Why did he come? He had a soft spot for Polish libraries and cultural centers around the world; after having lost many manuscripts in the war, he believed in the importance of promoting and documenting Polish culture. He also needed to go to Japan in November, for the award ceremony of the Kyoto Prize granted to him by the Inamori Foundation, so instead of flying east through Asia, he went around the world, heading west… One of us (Maja) was a co-organizer of the visit, as McGill’s doctoral student in musicology, the youngest member of PIASC, and a liason to the composer, through his biographer, Martina Homma, Lutosławski’s personal friend and the only scholar who had access to his sketches and manuscripts during his life.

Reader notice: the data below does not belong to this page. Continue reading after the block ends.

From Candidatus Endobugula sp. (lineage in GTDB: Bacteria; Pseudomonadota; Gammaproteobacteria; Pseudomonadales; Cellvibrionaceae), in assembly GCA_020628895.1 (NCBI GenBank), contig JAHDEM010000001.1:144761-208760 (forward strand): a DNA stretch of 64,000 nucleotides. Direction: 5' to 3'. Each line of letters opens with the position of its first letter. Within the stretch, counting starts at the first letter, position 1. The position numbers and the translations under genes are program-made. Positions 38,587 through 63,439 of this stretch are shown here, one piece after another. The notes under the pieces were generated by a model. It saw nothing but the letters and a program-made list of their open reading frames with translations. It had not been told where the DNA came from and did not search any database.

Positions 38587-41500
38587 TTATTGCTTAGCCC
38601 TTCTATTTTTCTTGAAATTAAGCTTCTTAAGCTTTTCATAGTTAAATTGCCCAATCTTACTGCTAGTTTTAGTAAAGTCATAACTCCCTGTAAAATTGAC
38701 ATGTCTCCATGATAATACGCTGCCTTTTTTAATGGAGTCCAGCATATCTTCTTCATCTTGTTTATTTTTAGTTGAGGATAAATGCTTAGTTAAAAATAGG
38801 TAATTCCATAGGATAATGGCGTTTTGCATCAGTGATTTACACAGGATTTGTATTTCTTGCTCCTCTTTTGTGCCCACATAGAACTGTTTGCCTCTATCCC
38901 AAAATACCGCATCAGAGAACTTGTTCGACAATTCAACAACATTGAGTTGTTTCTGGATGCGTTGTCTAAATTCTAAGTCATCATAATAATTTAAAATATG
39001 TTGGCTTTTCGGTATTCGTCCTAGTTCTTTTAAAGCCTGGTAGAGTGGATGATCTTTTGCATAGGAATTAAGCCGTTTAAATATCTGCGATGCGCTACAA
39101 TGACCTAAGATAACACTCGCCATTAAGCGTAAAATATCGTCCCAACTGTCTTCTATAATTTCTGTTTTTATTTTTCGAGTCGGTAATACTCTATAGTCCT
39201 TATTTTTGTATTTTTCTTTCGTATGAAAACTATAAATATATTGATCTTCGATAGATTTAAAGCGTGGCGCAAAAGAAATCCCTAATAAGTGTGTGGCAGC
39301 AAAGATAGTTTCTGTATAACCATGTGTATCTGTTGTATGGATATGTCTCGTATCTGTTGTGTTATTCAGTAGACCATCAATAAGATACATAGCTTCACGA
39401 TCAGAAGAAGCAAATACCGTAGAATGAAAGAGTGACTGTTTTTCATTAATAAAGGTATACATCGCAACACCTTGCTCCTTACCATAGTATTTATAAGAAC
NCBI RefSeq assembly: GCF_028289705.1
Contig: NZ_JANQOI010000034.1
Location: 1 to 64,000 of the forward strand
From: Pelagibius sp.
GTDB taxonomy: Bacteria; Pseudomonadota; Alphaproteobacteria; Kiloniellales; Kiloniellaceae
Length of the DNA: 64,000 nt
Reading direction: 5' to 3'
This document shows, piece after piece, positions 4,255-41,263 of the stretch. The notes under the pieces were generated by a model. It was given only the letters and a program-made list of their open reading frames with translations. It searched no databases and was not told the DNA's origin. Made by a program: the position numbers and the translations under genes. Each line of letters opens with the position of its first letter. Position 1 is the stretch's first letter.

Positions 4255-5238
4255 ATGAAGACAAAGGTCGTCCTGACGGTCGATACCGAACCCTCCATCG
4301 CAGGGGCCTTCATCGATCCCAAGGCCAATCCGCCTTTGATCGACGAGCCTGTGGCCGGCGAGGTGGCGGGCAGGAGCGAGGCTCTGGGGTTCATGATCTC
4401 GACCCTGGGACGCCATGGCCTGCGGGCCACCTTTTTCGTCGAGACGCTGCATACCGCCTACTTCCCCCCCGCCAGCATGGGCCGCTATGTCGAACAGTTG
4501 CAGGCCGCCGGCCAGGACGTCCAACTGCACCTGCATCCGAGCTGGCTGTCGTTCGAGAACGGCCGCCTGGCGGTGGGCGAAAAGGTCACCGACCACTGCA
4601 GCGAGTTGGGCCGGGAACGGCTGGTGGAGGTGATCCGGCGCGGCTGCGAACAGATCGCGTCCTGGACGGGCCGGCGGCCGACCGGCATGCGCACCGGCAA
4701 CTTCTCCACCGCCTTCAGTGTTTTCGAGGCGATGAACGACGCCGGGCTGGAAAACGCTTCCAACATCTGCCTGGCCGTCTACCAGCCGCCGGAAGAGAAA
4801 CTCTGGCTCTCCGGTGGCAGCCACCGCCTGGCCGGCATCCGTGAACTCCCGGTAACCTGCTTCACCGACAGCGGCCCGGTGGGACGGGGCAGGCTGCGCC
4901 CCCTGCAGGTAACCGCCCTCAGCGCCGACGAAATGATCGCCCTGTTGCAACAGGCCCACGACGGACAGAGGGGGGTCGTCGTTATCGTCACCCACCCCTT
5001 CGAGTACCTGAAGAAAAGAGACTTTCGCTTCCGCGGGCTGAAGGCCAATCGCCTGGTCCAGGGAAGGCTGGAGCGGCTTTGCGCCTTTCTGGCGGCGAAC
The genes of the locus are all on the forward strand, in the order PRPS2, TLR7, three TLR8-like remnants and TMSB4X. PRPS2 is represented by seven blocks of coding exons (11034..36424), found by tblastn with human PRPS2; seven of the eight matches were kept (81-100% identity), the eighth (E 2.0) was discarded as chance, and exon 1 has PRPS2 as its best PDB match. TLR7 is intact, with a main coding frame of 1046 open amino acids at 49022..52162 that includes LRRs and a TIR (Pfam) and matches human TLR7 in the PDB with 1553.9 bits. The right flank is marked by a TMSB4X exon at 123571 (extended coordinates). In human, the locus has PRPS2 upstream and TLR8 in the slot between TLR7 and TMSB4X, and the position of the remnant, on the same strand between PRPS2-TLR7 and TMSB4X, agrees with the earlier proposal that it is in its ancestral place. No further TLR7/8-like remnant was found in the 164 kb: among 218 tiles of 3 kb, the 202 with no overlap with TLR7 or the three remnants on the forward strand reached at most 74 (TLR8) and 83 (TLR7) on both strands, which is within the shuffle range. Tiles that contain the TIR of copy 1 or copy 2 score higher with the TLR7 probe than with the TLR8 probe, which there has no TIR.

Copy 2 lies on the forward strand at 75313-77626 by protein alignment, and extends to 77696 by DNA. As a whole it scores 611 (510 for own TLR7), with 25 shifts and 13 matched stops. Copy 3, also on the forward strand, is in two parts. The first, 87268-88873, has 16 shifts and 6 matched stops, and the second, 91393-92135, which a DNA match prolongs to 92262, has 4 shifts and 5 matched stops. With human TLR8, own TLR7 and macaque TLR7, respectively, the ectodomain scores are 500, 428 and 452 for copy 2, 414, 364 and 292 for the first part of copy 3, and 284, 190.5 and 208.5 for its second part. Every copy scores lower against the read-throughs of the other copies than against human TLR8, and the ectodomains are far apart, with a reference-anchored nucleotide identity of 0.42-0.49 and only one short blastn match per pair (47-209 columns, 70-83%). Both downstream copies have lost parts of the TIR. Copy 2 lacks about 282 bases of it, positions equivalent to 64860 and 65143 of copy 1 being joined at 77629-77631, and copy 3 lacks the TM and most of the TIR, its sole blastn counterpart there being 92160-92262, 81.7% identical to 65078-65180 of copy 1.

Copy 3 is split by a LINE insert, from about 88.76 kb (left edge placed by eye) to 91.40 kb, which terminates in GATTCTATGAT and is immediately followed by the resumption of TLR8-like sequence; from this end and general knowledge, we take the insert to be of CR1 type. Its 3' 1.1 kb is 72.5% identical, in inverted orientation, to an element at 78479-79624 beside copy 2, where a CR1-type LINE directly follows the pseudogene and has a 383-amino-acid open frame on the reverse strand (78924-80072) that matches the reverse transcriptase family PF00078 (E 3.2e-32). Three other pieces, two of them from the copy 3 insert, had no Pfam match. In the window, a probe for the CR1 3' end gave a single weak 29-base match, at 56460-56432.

Witold Lutoslawski with Martina Homma, Montreal, 1993. Photo by Maja Trochimczyk

Homma was among the guests of honor at the events and did us all a great service, when she “orchestrated” the question period after the composer’s Beatty Lecture at McGill University. Knowing Lutosławski’s fragile state of health and the aggravation caused him by having to answer pointless questions (that he never showed, being unerringly noble and aristocratic when dealing with all sorts of fans pestering him with questions), Homma wrote questions on topics that the Polish composer liked talking about. We distributed these questions among graduate students of music dispersed through the audience and they asked them, one after another. The discussion was lively, as the great musician explained, in extenso, his compositional techniques, aesthetic stance, attitude towards contemporary music fads and lasting values, the importance of communicating with listeners, and the abstract nature of this musical communication.  The speaker and the audience were delighted. And so are we, after twenty years, still remembering fondly the eventful and momentous visit, the wonderful concert, the quality of performances inspired by the presence of the master, and the intimate and exciting conversations…